To many, the idea of employee burnout is a myth. It’s merely an excuse for those who can’t live up to the expectations of others. But in 2020, burnout in the workplace has become very real.
It’s quickly become an idea that managers fear while employees power through, ignoring the tell-tale signs. Officially, burnout is the result of chronic workplace stress that has not been successfully managed. And given the current circumstances, that seems impossible to escape.
Self-proclaimed experts suggest offering Friday afternoons off or longer lunch breaks — and to some, that may help. In general, though, that’s not what burned-out employees really need. What they need is even simpler.
Why does burnout in the workplace matter?
Burnout doesn’t just affect the well-being of individual employees, it also affects their colleagues, managers and the business as a whole. Employees who are burned out are irritable, distracted, and in many cases, cynical about their work. This poor mindset will inevitably lead to important tasks falling by the wayside, reduced efficiency, and an unpleasant work environment for everyone. It is important to combat employee burnout not only for your employees but for your organization as a whole.
Working remotely does not equal burnout prevention
As many of you now know, today’s remote workplace brings about a whole new set of challenges for employees. Balancing self care with existing job responsibilities, while shifting to a new workplace environment may sound simple, but many have struggled to make that transition effectively.
When you go to work at a physical location, there is a clear line between the work-life balance. Now, employees stuck at home are working more hours than ever — and for many it’s because they spend their entire day in the same room. Their living room has become their office, their gym, a classroom for their kids, and the entertainment space for the whole family.
It’s all too easy to open the laptop and respond to an email or work on a project — any hour, day or night. The work-life line has been blurred and because they never “leave the office” their job never stops. Ultimately, they are bound to feel frustrated, overwhelmed, stressed, and like they can’t keep up. The balance is gone . . .
Paying mind to the important societal issues that surround us
Undeniably, there are multiple, major issues facing our society as a whole right now. Beyond the pandemic, our society is faced with a divisive political climate and the largest movement against social injustice any of us have ever seen. When these opposing sides clash, as they often do, heated, unwavering opinions and beliefs add even more toxic anxiety into a society that’s already full to the brim.
Obviously, these societal issues have led to a variety of very difficult, and very tense situations. When employees bring their differing beliefs to the workplace, similar unpleasant situations can arise.
These added stressors only contribute to the possibility of burnout in the workplace, especially when combined with the other factors we’ve discussed.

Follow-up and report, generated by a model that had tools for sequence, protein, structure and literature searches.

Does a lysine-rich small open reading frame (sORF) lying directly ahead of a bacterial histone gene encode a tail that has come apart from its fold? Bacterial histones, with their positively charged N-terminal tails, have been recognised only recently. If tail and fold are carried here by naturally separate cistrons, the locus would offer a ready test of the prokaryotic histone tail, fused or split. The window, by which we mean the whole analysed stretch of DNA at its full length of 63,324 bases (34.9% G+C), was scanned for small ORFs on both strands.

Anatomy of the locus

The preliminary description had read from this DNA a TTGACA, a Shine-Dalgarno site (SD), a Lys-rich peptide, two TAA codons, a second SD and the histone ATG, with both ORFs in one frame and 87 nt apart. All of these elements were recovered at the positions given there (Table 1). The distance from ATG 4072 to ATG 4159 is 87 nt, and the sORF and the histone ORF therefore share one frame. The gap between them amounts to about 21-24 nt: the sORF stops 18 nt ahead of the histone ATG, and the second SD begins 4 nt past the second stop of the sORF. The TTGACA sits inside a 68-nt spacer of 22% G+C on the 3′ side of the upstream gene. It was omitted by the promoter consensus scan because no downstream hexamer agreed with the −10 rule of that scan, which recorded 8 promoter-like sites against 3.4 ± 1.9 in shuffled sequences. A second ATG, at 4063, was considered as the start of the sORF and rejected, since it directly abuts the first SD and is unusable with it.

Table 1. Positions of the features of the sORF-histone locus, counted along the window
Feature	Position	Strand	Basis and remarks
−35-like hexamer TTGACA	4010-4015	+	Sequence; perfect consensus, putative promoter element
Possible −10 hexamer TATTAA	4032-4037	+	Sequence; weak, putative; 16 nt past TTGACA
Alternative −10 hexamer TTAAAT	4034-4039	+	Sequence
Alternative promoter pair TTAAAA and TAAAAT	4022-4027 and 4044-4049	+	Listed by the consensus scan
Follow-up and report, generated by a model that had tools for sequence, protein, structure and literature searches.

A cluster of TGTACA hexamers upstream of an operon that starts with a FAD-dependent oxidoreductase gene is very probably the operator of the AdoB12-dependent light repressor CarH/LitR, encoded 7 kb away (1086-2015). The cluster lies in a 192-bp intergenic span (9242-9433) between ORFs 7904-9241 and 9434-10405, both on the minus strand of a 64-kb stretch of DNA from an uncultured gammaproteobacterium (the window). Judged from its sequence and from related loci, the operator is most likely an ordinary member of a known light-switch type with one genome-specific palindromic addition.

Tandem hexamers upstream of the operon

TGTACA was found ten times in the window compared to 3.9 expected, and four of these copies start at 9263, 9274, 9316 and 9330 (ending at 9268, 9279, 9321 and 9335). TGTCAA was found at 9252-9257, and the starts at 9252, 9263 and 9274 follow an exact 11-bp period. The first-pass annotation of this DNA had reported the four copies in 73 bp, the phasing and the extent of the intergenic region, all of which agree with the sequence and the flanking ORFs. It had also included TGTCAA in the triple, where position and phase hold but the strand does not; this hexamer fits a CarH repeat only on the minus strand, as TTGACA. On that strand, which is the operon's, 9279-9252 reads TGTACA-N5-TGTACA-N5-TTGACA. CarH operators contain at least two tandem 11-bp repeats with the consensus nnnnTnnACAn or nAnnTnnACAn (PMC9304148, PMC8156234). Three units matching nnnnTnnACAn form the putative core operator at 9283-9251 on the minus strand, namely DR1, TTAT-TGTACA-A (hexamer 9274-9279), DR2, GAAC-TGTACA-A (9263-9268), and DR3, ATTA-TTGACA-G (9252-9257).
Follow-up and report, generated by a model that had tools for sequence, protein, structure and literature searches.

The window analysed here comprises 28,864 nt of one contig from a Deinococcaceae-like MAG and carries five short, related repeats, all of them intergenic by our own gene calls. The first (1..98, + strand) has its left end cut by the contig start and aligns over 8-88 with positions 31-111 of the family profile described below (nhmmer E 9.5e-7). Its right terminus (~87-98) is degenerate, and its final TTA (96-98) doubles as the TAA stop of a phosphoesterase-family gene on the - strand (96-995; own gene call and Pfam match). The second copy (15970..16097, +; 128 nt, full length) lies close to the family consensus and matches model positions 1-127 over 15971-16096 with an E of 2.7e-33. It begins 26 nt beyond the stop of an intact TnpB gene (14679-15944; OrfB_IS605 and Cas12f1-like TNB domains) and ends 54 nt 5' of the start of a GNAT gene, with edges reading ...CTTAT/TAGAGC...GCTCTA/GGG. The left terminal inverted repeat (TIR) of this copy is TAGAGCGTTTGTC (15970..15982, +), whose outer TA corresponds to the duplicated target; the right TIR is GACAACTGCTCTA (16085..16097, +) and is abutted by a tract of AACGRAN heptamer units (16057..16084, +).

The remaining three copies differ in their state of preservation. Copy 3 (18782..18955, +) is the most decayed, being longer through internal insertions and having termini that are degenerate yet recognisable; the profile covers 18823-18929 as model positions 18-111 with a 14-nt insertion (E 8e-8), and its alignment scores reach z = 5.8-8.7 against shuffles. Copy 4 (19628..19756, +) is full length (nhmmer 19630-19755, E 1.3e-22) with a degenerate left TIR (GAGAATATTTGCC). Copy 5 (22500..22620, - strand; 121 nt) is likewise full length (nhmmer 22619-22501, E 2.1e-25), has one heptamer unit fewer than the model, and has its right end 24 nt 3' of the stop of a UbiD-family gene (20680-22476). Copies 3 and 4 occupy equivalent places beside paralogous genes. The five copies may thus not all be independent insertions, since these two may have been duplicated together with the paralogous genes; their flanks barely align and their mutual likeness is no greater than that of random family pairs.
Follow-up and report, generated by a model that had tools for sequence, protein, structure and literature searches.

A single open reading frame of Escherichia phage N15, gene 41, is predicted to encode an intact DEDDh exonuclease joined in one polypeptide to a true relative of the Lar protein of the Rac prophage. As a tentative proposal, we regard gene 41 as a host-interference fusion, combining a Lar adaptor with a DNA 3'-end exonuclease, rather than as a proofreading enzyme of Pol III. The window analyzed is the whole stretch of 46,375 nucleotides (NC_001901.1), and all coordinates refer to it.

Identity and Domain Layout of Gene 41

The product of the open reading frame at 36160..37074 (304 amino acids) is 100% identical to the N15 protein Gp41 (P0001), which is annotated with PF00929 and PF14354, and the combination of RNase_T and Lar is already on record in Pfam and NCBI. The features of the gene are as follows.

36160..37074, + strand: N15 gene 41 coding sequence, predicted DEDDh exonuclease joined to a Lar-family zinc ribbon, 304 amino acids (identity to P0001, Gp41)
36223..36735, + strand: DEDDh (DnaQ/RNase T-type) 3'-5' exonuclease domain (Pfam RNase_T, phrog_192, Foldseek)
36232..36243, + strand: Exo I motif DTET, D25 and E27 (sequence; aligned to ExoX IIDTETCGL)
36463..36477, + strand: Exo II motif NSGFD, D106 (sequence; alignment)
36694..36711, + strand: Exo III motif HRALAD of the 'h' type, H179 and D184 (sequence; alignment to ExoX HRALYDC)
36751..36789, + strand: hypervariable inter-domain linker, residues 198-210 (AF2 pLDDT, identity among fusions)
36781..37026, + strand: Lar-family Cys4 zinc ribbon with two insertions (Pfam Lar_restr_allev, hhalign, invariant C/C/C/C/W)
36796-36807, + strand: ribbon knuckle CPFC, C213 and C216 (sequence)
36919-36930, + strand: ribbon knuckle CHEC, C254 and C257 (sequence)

How do we solve employee burnout in the workplace?
So, what do we do? We know that COVID, working from home, and hotbed social issues are all driving levels of employee burnout higher, but how can we as employers fix a situation where all the odds seem stacked against us?
The first thing both employees and employers need to remember is that work-life balance is important. At the end of the day, people working from home should “close the office door” and leave work, even if that door is more metaphorical than physical. Employees should take a break from their busy phones and emails to eat dinner with their families, and never bring their cell phone to bed!
On a larger scale, a more impactful way to combat employee burnout is through empathetic leadership. Truly listening to what your employees want and need will allow you to help steer each individual employee away from potential burnout. Being an empathetic leader shows your workforce that you care about them and what they need.
Maybe it is a longer lunch break that they really want, but listening to your people can change the culture of an organization for the better. Bringing disruptive and anxiety inducing issues into the light can lead to real, immediate solutions. But beyond that, finding and addressing the real problems can lead employees to have more respect for their organization, their superiors, and their co-workers.
How do you figure out the real problems?
One very effective way to gain insight into your employees’ needs is to perform an employee engagement survey. These surveys are custom-designed to uncover specific workplace problems and identify appropriate solutions for moving forward. They are also very helpful tools to explore how employees are feeling about their workplace and how their organization can best help them during a difficult and stressful time.
Don’t fall into the same trap as countless other organizations. Burnout in the workforce is very real — especially now. Encourage your employees to do what they need to do to prevent burnout and improve their quality of life. Just like everyone else, your people need to be heard. And if you listen, you will prevent employee burnout.
Want to discuss some ideas for your employee engagement survey? Click here to schedule a call…